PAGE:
**Author:** ChloÃ© Lourseyre

If I’d come up with a pop quiz about sizes in C++, most C++ developers would fail it (I know I would), because sizes in C++ are *complicated*.

The size of every fundamental type is not fixed, they are always implementation-defined.

Sill, the standard defines constraints on these sizes. These constraints take the form of one of these:

- A comparison of the types’
`sizeof`

. - The type’s minimum number of bits.

## What is sizeof()?

One of the most widespread (and harmless) misconceptions about type sizes is that a byte holds 8 bits.

Although this is mostly true in practice, this is technically false.

A *byte *is actually defined as the size of a `char`

. Though a `char`

must have at least 8 bits, it can hold more. `sizeof(N)`

returns the number of bytes of the type `N`

, and every type size is expressed in terms of a `char`

length. Thus, a 4-byte `int`

is *at least* 32-bit, but you may not assume more from it (it could be 128-bit if a `char`

is 32-bit).

The actual size of a byte is recorded in `CHAR_BIT`

## Summary of sizes in C++

Here are all the definitions and restrictions of fundamental types’ sizes in C++:

- 1 â‰¡ sizeof(char) â‰¤ sizeof(short) â‰¤ sizeof(int) â‰¤ sizeof(long) â‰¤ sizeof(long long)
- 1 â‰¤ sizeof(bool) â‰¤ sizeof(long)
- sizeof(char) â‰¤ sizeof(wchar_t) â‰¤ sizeof(long)
- sizeof(float) â‰¤ sizeof(double) â‰¤ sizeof(long double)
- sizeof(N) â‰¡ sizeof(unsigned N) â‰¡ sizeof(signed N)
- A char has at least 8 bits
- A short has at least 16 bits
- A long has at least 32 bits

… and nothing more.

**Fun fac**t: according to this definition, it is technically possible that all fundamentals have 32 bits.

## Two words of wisdom

Since the sizes of the fundamental types entirely depend on the architecture, it may sometimes be hard to write consistent code.

### #include <limits>

`limits`

of the standard library contains the upper and lower limits of every fundamental type, and allows you to know if a given type is signed or not.

Example:

```
#include <limits>
#include <iostream>
int main()
{
std::cout << "largest double == " << std::numeric_limits<double>::max() << std::endl;
std::cout << "char is signed == " << std::numeric_limits<char>::is_signed << std::endl;
}
```

More at std::numeric_limits – cppreference.com.

**Reminder**: signed integer overflow is undefined behavior. Using limits helps you in preventing that from happening.

### #include <cstdint>

Sometimes you may want to deal with fixed-sized types (in terms of bit) and not rely on the implementation specifics. For instance, if you implement serialization, work on very limited memory space, or develop cross-platform software, you may want to explicitly provide the bit-size of the type you’re using.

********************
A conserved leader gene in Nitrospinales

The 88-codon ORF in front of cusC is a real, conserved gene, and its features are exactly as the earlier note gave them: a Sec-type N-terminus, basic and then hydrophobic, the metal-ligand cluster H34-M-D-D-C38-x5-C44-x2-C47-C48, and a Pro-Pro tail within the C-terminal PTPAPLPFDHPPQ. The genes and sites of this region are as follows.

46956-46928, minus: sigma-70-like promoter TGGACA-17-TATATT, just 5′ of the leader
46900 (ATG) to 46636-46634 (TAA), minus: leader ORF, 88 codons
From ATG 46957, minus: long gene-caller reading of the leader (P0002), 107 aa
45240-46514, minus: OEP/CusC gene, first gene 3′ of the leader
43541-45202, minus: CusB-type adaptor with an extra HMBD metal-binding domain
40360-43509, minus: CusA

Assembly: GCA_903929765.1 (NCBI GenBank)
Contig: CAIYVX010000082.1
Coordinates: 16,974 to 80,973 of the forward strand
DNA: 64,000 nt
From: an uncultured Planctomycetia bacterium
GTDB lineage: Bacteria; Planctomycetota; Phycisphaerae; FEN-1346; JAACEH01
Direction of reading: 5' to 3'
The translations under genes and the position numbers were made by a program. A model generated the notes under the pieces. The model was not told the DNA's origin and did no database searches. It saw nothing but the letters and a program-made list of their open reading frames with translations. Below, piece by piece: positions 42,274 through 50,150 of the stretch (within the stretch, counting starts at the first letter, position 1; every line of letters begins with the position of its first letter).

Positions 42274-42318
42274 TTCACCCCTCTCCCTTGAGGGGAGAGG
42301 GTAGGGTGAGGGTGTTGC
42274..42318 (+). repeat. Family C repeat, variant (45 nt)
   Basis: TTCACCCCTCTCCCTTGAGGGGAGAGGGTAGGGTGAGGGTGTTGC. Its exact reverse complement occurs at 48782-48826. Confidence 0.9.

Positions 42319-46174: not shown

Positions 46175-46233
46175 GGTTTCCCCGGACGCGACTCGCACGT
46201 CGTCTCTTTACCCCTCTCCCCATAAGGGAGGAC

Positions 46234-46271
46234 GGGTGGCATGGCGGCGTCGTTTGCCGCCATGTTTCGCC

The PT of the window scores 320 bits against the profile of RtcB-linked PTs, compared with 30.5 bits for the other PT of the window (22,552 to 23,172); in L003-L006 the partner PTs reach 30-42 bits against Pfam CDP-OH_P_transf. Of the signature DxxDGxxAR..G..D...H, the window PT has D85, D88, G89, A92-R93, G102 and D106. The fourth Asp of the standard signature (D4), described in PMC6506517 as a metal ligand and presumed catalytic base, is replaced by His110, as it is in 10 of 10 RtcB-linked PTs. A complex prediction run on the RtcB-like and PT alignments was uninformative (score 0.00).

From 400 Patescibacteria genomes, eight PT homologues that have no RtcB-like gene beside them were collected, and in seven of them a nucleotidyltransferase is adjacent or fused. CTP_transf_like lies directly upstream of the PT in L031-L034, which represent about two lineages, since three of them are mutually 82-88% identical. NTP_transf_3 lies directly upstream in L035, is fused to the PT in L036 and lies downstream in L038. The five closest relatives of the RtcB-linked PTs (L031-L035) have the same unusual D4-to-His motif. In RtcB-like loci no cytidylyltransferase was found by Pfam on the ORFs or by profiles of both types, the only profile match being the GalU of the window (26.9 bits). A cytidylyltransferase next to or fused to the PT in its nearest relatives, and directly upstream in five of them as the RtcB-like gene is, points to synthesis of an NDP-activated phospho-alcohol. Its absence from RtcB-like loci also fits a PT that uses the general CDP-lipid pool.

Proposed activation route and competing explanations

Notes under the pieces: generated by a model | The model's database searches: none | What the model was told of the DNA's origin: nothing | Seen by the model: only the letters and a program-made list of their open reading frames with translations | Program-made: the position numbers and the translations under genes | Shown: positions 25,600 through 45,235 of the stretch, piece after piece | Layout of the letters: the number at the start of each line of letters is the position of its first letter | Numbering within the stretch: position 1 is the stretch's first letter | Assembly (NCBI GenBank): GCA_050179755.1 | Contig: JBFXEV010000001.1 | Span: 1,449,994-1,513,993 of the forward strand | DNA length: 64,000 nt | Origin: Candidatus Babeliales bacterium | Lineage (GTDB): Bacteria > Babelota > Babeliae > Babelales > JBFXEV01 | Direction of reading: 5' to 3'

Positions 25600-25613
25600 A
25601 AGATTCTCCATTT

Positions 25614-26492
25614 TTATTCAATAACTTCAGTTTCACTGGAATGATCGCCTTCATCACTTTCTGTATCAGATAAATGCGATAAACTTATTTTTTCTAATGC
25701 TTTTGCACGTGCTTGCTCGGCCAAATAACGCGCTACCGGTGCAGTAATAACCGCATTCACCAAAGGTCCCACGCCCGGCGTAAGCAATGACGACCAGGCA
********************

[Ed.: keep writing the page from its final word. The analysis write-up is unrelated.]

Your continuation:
You can do so with the library `cstdint`

which contains fixed-size types.

Here are a few of them:

int8_t int16_t int32_t int64_t | Signed integer type with width of exactly 8, 16, 32 and 64 bits respectively with no padding bits and using 2’s complement for negative values (provided only if the implementation directly supports the type) |

int_least8_t int_least16_t int_least32_t int_least64_t | Smallest signed integer type with width of at least 8, 16, 32 and 64 bits respectively |

intmax_t | Maximum-width signed integer type |

uint8_t uint16_t uint32_t uint64_t | Unsigned integer type with width of exactly 8, 16, 32 and 64 bits respectively (provided only if the implementation directly supports the type) |

uint_least8_t uint_least16_t uint_least32_t uint_least64_t | smallest unsigned integer type with width of at least 8, 16, 32 and 64 bits respectively |

uintmax_t | maximum-width unsigned integer type |

More at Fixed width integer types (since C++11) – cppreference.com.

## Wrapping up

If you want to read more about type size, refer to section **Â§6.2.8** of **The C++ Langage (Bjarne Stroustrup)**. More broadly, you can read about types and declarations in the whole section **Â§6** of the book.

You can also refer to Fundamental types – cppreference.com for online documentation

Thanks for reading and see you next week!

**Author:** ChloÃ© Lourseyre

std::cout << "char is signed == " << std::numeric_limits::is_signed << std::endl;

should it be ?

It depends on your architecture.

https://godbolt.org/z/zesxh5nW9 says yes for instance. But no garantee it is true on every system.

thanks. I think what confused me is that the cout says “char” but the numeric limits says double. why is that?

Hur… sorry for the typo, Imma correct that immediatly ðŸ™‚

ok. thanks and thank you for writing those articles. I love it!